Meaning of LIFT in English


1. to lift a person or thing

2. to lift a part of your body to a higher position



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1. to lift a person or thing

▷ lift /lɪft/ [transitive verb]

to move something upwards to a higher position, especially something heavy, either by using your hands or a machine :

▪ His doctor has told him that he must not lift anything heavy.

▪ She lifted the lid from a huge pot and took a sniff.

lift onto/out of/over etc

▪ They lifted me onto a stretcher and took me to the ambulance.

▪ Firemen had to use a mobile crane to lift the carriages back onto the rails.

lift somebody bodily

lift someone’s whole body up, using a lot of strength

▪ The massive bull lifted him bodily into the air and shook him repeatedly.

▷ lift up /ˌlɪft ˈʌp/ [transitive phrasal verb]

to move something upwards to a higher position and hold it there - use this especially about something fairly heavy that you use your hands to move :

lift somebody/something up

▪ He lifted her up in his arms.

lift up somebody/something

▪ Can you help me lift up this table so we can get the carpet under it?

▪ Six men lifted up the coffin and carried it out of the church.

lift something up onto/out of/over etc

▪ I couldn’t see the game so I asked my dad to lift me up onto his shoulders.

▷ pick up /ˌpɪk ˈʌp/ [transitive phrasal verb]

to lift something up from the ground, from a table etc, especially something small or light :

pick up somebody/something

▪ She picked up her bag and left the room.

▪ Maurin picked up the gun and put it in his pocket.

▪ The lioness picked her cub up by its neck.

pick somebody/something up

▪ There are papers all over the floor - could you pick them up and put them away?

▪ The little girl’s mother laughed and bent down to pick her up.

▪ The vacuum cleaner won’t pick this stuff up.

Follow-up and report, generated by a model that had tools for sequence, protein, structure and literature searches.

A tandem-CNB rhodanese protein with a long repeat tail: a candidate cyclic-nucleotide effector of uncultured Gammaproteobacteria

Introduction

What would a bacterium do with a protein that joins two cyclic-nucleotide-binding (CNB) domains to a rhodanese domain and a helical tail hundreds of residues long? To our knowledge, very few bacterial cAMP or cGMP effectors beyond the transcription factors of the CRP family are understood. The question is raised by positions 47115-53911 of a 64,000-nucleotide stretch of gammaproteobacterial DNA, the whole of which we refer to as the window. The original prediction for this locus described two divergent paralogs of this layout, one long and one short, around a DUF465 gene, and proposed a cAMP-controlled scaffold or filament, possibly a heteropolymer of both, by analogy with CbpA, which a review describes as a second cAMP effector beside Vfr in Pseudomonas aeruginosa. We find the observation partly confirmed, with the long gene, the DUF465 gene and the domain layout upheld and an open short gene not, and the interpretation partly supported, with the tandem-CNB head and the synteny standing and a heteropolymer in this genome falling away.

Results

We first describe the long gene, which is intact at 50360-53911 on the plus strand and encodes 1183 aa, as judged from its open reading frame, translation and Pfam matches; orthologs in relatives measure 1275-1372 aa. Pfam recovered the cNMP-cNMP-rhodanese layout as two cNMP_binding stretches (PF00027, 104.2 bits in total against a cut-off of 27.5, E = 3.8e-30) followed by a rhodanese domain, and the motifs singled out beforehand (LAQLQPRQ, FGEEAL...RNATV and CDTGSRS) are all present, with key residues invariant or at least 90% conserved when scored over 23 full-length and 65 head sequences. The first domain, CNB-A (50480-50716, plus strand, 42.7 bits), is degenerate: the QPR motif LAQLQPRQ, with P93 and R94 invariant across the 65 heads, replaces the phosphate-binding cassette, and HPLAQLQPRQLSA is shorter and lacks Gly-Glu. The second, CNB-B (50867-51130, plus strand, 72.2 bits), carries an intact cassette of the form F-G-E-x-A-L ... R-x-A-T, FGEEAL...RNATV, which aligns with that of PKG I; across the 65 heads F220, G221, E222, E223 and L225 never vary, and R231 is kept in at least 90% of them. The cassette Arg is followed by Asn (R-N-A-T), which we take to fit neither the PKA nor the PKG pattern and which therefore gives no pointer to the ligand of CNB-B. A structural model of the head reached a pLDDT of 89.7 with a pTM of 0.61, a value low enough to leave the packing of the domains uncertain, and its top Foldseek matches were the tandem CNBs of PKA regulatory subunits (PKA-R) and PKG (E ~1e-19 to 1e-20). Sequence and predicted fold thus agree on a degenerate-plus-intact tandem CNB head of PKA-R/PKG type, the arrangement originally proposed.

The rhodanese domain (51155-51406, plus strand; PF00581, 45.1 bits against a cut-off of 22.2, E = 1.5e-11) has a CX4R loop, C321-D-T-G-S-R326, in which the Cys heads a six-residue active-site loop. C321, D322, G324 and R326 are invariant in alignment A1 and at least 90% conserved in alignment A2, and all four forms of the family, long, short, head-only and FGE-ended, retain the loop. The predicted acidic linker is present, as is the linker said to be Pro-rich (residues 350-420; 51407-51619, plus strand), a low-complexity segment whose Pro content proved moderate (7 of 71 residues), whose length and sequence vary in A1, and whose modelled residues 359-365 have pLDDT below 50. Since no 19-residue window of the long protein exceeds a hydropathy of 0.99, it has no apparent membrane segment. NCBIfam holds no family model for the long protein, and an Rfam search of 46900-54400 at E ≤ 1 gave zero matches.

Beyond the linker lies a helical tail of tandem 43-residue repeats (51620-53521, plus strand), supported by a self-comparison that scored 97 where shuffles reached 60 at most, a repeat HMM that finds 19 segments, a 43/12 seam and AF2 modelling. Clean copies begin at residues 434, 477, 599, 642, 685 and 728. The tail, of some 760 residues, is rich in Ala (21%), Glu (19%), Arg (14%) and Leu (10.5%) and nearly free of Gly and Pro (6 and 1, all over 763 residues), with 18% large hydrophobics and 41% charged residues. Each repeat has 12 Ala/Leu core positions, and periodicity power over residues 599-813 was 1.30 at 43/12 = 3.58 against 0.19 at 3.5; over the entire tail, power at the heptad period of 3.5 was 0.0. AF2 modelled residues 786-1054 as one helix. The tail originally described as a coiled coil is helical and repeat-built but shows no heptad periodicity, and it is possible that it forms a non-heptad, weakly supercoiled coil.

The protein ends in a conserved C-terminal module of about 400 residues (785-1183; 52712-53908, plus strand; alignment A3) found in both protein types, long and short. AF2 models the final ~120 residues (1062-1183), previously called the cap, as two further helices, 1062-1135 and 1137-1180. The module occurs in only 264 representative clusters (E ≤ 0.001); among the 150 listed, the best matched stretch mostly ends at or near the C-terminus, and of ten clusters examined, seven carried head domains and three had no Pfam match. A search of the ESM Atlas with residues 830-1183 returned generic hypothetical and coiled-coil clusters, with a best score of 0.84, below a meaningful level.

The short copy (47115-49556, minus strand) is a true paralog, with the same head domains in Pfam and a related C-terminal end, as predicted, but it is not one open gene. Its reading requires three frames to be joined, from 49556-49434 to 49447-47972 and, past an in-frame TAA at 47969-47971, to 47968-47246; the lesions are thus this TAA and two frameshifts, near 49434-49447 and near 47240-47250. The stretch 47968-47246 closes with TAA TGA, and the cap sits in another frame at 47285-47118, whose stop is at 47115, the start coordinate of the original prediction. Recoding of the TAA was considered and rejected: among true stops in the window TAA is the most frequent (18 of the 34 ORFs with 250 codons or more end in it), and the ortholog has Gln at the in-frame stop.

pick up the phone

pick up the part of the telephone that you speak into, so that you can use it

▪ The phone rang and Hutton picked it up, frowning.

▷ raise /reɪz/ [transitive verb]

to move something to a higher position for a short time before lowering it again :

▪ The bridge can be raised to allow ships to pass under it.

▪ ‘Cheers, everyone!’ said Larry, raising his glass.

▷ scoop up/out /ˌskuːp ʌpm ˈaʊt/ [verb phrase]

to dig or pick something up with a scoop a round deep spoon , a spoon, or with your curved hand :

scoop something up/out/off etc

▪ He scooped up a handful of sand and dropped it in the bucket.

▪ Slice the eggs in half, then scoop out the yolks into a bowl.

▷ hoist /hɔɪst/ [transitive verb]

to lift up something which is heavy and difficult to carry :

hoist something on/onto/over

▪ Joe picked up the sack and hoisted it onto the truck.

▪ The crowd hoisted him onto their shoulders and carried him triumphantly down the main street.

▷ jack up /ˌdʒæk ˈʌp/ [transitive phrasal verb]

to lift up the corner of a car using a special tool, in order to change the wheel or look under the car :

jack up something

▪ Fred jacked up the car and started to unscrew the wheel nuts.

jack something up

▪ Why don’t you jack it up and we’ll have a look at the suspension?

2. to lift a part of your body to a higher position

▷ raise /reɪz/ [transitive verb]

raise your eyes/eyebrows/hand/arm etc

to move or turn your eyes, head etc upwards for a short time :

▪ She raised her eyes from the newspaper when he came in.

▪ If you have any questions, please raise your hand.

▪ Lori raised her arms over her head.

raise to do something

▪ Mum raised her hand to hit me and then stopped.

▷ lift also lift up /lɪft, lɪft ʌp/ [transitive verb]

lift your arm/leg/head

to move your arm, leg etc upwards, especially when this is difficult to do :

▪ I was feeling so weak that I could hardly lift my head from the pillow.

▪ The child lifted up her arms, asking to be picked up.

▪ Lie on your side, use your hand for support, and lift your leg to the level of your shoulder.

▷ put your hand up /ˌpʊt jɔːʳ ˈhænd ʌp/ [verb phrase]

to move your arm upwards and keep it in the air, for example because you want to speak in a class or meeting, or because you are being counted :

▪ Put your hand up if you know the answer.

▪ If you are not able to take part, please put your hand up.

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